Constantly Improving: Creating an Accessible Campus

After receiving an OCR complaint, Wichita State University (WSU) set out to develop a comprehensive, campus-wide accessibility policy, transforming the a11y culture at the university. Accessibility was no longer seen as just an accommodation: instead, it became integrated into everyday operations across departments.

A year later, WSU is at the forefront of campus accessibility, with a plan of attack that demonstrates WSU will never put accessibility on the back burner again.

In this webinar, Michael Cole, Educational Accessibility Technologist at WSU, will discuss the state of accessibility at WSU a year after receiving an OCR complaint. He will dive into the new initiatives being enforced on campus, as well as discuss future plans for accessibility on campus.

This presentation will cover:

  • How WSU responded to an OCR complaint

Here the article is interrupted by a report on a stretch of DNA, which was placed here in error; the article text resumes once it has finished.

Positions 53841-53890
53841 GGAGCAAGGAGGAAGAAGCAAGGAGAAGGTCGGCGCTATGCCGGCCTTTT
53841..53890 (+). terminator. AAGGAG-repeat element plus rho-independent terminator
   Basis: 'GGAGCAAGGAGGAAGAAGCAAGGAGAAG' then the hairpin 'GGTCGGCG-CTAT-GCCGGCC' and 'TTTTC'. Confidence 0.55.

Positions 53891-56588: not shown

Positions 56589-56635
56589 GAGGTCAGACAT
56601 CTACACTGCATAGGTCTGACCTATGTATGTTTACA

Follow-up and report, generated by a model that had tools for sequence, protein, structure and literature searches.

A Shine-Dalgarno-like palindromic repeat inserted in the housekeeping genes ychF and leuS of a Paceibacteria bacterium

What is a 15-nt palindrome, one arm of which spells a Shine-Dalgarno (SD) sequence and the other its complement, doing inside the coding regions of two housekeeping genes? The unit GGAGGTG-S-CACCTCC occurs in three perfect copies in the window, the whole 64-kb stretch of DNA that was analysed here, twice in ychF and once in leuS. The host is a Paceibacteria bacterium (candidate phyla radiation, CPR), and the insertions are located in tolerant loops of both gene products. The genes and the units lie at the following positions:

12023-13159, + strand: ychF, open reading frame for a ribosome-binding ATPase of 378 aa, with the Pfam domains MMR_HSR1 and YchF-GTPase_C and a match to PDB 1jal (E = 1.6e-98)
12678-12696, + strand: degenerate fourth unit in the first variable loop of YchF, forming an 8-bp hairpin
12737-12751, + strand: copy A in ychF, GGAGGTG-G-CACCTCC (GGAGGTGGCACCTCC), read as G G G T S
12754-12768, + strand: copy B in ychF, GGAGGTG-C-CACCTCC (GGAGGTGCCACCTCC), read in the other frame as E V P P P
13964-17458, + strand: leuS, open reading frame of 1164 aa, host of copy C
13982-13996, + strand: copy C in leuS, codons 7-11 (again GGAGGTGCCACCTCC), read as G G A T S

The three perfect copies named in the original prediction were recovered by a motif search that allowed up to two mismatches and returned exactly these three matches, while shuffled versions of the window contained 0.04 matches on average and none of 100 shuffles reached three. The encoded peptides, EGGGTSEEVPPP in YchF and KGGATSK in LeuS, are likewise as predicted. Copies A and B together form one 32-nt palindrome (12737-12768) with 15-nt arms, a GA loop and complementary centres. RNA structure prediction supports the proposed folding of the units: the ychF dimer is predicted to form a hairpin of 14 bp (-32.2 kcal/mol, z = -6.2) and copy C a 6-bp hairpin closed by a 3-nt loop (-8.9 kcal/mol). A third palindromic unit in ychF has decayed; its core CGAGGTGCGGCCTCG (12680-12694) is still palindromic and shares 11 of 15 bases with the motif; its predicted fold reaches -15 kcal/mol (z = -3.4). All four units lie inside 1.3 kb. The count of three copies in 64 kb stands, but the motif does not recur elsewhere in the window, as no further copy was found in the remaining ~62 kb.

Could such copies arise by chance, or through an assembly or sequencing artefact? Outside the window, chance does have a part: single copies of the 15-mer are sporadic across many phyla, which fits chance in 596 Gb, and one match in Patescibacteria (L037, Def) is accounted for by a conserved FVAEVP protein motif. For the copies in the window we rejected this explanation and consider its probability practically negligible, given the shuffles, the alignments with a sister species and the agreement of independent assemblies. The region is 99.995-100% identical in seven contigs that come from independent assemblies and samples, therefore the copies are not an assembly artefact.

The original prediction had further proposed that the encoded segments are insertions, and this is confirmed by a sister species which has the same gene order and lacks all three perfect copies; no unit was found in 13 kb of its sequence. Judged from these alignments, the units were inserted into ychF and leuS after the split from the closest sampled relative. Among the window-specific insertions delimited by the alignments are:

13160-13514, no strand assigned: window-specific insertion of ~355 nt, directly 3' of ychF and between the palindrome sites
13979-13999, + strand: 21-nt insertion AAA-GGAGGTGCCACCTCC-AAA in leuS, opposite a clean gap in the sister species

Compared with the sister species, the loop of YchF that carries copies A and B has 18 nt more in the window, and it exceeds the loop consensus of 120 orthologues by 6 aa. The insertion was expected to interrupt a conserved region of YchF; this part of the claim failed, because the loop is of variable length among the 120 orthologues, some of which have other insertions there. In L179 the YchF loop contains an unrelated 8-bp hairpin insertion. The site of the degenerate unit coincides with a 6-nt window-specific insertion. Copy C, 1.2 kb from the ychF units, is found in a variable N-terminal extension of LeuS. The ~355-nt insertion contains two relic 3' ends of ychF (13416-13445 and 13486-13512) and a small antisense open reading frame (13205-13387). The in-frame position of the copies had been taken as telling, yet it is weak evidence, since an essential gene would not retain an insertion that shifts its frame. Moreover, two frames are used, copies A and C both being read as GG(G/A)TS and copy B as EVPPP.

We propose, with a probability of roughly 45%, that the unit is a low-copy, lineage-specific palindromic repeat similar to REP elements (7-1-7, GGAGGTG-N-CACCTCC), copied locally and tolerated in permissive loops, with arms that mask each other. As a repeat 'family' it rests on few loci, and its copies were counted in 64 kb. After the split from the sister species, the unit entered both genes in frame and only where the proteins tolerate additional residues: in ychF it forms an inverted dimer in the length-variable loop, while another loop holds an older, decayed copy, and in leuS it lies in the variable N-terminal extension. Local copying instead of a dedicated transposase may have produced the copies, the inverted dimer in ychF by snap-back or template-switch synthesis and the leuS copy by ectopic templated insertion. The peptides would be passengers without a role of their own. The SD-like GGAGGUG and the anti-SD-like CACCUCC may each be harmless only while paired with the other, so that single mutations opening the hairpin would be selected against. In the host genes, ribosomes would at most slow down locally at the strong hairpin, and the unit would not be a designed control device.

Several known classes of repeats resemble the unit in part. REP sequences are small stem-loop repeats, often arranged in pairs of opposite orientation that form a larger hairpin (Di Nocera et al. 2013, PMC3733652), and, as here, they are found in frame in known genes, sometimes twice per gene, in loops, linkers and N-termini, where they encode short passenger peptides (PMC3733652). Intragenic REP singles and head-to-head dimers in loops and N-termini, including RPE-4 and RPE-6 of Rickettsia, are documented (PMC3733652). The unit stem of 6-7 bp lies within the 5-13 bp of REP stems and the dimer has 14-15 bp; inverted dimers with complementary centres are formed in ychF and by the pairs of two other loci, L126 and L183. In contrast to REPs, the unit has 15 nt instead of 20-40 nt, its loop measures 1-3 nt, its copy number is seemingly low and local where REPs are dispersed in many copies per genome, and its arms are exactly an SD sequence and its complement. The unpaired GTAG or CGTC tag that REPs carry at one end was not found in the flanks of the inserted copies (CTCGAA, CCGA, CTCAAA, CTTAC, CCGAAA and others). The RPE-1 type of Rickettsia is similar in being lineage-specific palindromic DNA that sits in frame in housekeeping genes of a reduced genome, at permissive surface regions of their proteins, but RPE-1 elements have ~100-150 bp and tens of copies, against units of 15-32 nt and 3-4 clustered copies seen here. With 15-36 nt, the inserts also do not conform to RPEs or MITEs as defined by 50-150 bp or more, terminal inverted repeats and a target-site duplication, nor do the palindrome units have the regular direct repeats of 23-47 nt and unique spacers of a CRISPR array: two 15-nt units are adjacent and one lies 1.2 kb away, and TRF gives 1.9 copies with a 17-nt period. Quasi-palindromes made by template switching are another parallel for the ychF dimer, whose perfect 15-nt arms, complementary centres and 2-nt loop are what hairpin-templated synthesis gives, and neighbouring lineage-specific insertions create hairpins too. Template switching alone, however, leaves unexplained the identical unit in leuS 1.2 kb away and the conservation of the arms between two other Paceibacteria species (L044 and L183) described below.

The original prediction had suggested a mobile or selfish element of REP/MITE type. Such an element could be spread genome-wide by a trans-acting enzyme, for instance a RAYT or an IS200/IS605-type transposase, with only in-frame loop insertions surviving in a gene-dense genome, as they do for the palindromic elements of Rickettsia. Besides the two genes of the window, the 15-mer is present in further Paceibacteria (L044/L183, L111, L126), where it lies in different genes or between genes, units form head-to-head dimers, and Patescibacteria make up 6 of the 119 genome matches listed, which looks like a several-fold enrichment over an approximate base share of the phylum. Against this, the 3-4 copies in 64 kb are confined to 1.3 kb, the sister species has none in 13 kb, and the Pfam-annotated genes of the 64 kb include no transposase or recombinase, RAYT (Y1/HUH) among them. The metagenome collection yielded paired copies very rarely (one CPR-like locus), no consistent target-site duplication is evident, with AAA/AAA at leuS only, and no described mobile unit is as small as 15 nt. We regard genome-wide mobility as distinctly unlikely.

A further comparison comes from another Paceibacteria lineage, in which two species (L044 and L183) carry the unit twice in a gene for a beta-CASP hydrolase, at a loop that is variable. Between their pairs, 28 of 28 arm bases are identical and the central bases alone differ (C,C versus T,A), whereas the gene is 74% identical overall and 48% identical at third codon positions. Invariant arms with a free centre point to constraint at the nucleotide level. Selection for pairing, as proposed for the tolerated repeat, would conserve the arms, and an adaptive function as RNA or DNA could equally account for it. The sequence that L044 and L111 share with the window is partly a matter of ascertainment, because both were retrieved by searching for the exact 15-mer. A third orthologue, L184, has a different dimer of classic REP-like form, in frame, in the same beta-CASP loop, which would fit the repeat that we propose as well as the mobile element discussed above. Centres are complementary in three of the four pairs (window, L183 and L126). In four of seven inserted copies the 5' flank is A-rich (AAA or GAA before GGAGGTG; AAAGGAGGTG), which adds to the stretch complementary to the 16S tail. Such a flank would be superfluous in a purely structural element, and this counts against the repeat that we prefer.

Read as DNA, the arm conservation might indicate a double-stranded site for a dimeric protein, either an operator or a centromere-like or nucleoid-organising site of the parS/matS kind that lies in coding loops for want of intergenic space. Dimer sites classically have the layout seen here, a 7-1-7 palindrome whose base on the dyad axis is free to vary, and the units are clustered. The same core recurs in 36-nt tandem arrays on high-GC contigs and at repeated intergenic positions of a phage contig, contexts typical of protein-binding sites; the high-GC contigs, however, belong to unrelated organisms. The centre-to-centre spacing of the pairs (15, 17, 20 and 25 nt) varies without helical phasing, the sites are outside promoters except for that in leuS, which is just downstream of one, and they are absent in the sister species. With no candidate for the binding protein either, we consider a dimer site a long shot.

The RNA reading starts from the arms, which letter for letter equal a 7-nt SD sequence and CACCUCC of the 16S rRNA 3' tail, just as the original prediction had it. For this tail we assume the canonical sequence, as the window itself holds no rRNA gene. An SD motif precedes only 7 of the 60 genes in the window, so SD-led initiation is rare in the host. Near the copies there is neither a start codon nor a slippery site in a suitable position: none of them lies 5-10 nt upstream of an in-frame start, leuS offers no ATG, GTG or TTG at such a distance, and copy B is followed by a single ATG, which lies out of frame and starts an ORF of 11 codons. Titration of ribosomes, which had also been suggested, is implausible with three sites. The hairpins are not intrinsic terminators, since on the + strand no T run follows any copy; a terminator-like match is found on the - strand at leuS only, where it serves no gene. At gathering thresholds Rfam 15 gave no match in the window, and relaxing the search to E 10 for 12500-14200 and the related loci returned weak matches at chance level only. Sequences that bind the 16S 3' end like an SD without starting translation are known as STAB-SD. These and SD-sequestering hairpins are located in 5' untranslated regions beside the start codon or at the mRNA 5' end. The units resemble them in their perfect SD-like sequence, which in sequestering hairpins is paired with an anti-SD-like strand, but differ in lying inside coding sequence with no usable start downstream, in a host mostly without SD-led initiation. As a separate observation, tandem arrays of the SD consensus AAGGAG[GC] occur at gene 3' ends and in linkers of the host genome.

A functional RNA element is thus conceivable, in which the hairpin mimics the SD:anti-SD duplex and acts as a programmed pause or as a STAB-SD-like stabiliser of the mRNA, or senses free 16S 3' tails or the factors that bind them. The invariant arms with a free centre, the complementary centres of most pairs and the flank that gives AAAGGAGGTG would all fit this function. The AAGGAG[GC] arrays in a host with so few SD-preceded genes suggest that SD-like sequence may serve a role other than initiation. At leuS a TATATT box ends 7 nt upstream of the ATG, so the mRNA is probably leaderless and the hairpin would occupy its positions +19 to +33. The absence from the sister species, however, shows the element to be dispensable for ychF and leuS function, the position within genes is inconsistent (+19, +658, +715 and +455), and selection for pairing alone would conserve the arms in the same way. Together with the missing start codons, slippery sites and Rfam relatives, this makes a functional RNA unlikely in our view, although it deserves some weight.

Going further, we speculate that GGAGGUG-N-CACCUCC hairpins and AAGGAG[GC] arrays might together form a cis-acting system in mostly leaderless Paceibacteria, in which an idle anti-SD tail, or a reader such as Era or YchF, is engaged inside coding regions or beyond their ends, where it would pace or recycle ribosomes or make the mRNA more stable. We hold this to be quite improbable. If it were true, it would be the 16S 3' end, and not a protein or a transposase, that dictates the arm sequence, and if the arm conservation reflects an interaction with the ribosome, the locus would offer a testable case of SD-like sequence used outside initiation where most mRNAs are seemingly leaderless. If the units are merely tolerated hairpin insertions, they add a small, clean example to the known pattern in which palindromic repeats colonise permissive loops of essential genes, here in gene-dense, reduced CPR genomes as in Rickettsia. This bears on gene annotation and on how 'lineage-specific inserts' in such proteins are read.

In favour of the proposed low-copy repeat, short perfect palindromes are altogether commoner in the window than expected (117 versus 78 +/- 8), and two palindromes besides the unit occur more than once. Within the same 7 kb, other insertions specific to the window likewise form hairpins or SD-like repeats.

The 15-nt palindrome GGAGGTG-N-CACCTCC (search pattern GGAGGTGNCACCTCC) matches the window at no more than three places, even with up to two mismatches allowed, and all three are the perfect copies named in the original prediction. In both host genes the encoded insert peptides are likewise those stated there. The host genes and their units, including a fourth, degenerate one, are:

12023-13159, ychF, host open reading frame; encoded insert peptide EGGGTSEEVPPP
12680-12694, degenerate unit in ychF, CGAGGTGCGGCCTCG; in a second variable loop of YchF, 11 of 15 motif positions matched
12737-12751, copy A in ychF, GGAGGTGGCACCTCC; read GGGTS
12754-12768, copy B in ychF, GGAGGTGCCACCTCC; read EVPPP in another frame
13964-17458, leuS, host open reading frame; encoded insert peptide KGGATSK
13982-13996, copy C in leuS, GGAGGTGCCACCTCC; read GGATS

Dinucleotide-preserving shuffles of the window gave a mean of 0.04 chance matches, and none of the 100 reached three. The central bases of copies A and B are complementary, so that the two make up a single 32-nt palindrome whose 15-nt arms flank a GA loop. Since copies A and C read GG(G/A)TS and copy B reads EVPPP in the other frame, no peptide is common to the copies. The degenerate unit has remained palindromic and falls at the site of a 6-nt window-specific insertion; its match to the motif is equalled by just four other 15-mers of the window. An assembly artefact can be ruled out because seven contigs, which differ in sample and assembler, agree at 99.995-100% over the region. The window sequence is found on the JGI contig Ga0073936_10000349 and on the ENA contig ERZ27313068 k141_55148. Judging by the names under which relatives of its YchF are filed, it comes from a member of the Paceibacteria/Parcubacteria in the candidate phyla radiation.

• Creating a new position: Educational Accessibility Technologist
  • How WSU is creating a culture of accessibility on campus
  • WSU’s procurment policy and how they deal with inaccessible vendors
  • How WSU is making online classes and digital media more accessible
  • The future of accessibility at WSU

Webinar Q&A: Creating an Accessible Campus at Wichita State University

In April 2016, Wichita State University (WSU) received an OCR complaint. After a few months, WSU entered into an agreement with the National Federation of the Blind to make their student-facing educational technology accessible by 2020.

Almost two years later, WSU is becoming an outstanding model of campus accessibility, with a plan of attack that demonstrates WSU will never put accessibility on the back burner again.